The last question on the quiz asks how many of the multiple choice responses you think you got right. Most of the youth guess 15 or 18 out of 24. Pretty good, right? But, as we score the quiz, most only get 2 or 3 or maybe 4 or 5 correct. Once everyone gets over the shock and the shouts of disbelief die down, we then look more closely at the narratives about the birth of Jesus to see what is really there. Then talk about the way tradition and story and candlelight and starlight have become wrapped around our understanding of Christmas. But, Christmas is like that, isn’t it?
All of that is to say, that alongside all of our careful and thoughtful preparations for Christmas and the meaning we both give to it and find in it, stands the simple and often surprising, maybe even startling, witness of the Bible. So, with Annie Dillard’s observation about Christians lingering in the background, these two passages – one from Isaiah and one from Mark – designated by the Lectionary to be read on this first Sunday in Advent 2017 as we, as a Christian community, begin our preparation for and our journey towards Christmas.
Isaiah 64: 1-3
O that you would tear open the heavens and come down,
so that the mountains would quake at your presence—
as when fire kindles brushwood and the fire causes water to boil—
to make your name known to your adversaries,
so that the nations might tremble at your presence!
When you did awesome deeds that we did not expect,
you came down, the mountains quaked at your presence.
Mark 13: 24-26
But in those days, after that suffering, the sun will be darkened,
and the moon will not give its light, and the stars will be falling from heaven,
and the powers in the heavens will be shaken.
Then they will see ‘the Son of Man coming in clouds’ with great power and glory.
O come, O come Emmanuel.
Come, thou long expected Jesus.
Be careful what you ask for.
Be careful as you say those words and sing those carols and as we, as a community of faith, do our best to be ready for God when God comes.
Or, was Annie Dillard correct.
Maybe we are like children playing on the floor with our chemistry sets mixing up a batch of TNT.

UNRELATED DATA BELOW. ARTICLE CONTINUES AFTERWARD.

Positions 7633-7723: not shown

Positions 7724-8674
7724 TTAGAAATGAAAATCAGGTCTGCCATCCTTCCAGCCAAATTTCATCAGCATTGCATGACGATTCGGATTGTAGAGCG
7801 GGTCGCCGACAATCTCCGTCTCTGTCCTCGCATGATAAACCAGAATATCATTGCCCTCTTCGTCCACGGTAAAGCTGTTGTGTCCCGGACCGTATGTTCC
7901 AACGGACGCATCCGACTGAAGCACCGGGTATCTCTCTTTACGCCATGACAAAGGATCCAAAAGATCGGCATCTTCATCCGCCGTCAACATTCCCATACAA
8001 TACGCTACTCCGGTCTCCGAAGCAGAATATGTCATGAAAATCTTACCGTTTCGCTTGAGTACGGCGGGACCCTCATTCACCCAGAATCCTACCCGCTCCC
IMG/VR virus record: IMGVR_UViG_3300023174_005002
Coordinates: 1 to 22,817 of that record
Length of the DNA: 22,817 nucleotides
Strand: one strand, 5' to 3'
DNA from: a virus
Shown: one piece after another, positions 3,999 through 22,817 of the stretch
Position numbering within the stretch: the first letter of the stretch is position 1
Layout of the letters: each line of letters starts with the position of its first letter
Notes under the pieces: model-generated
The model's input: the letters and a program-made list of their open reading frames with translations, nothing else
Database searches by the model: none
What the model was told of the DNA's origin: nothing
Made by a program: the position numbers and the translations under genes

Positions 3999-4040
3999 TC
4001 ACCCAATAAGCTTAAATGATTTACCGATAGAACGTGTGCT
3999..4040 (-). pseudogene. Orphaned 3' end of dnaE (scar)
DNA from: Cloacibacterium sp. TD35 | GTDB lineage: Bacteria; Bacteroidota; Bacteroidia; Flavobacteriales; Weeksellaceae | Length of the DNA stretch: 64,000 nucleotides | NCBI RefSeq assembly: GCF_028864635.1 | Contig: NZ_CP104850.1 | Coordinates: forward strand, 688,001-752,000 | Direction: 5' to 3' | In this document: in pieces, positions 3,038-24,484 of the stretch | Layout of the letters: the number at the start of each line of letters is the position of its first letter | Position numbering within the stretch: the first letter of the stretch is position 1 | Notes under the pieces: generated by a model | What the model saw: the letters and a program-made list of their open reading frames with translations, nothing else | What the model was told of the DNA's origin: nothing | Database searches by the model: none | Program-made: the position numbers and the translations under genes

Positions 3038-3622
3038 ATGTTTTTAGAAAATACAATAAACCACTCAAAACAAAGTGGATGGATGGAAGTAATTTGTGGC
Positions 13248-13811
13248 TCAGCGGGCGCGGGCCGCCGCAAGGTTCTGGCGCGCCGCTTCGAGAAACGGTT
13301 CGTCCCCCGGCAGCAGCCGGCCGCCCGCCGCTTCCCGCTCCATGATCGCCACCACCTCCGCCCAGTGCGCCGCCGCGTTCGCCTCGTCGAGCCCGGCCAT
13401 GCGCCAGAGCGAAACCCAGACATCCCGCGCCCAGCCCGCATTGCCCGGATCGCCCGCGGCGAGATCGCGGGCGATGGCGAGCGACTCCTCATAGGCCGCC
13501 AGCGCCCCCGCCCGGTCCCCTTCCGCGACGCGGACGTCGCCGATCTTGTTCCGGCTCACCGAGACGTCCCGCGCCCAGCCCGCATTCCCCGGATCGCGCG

Here is what I find myself thinking about as we begin our preparations for Christmas. Besides all the wonder and the excitement and the tinsel and the holiday cheer, the Bible reminds us there is something disruptive about Christmas. Something about the coming of God which make mountains quake and the heavens shake. Something about Advent and Incarnation which turns our world…the world…this world…inside out or right side up. Something about the birth of Jesus which stands counter the traditional world view of who is in and who is out. And about what power looks like. And about who or what asks for and deserves our allegiance.
So, here is my challenge to you. In the midst of everything else you do to get ready for Christmas, pay attention to the story. Pay attention to those moments which are waiting to be transformed turning the moment you have right then right side up. Pay attention to where the disruptive story of Bible wants to break into the routine of your life or the headlines in the news or into the way you use your time or spend your money. Pay attention to that moment which invites you and opens you up to Incarnation or to being Incarnation.
As I said, I love Christmas.
The decorations. The carols. The cards.
I even love shopping for gifts.
And, I also love the Bible.
And I take its witness seriously.
So I am often stopped in my tracks and challenged and convicted by its witness.
Come, thou long expected Jesus.
May the mountains and the heavens and my life and our world be shaken by your coming.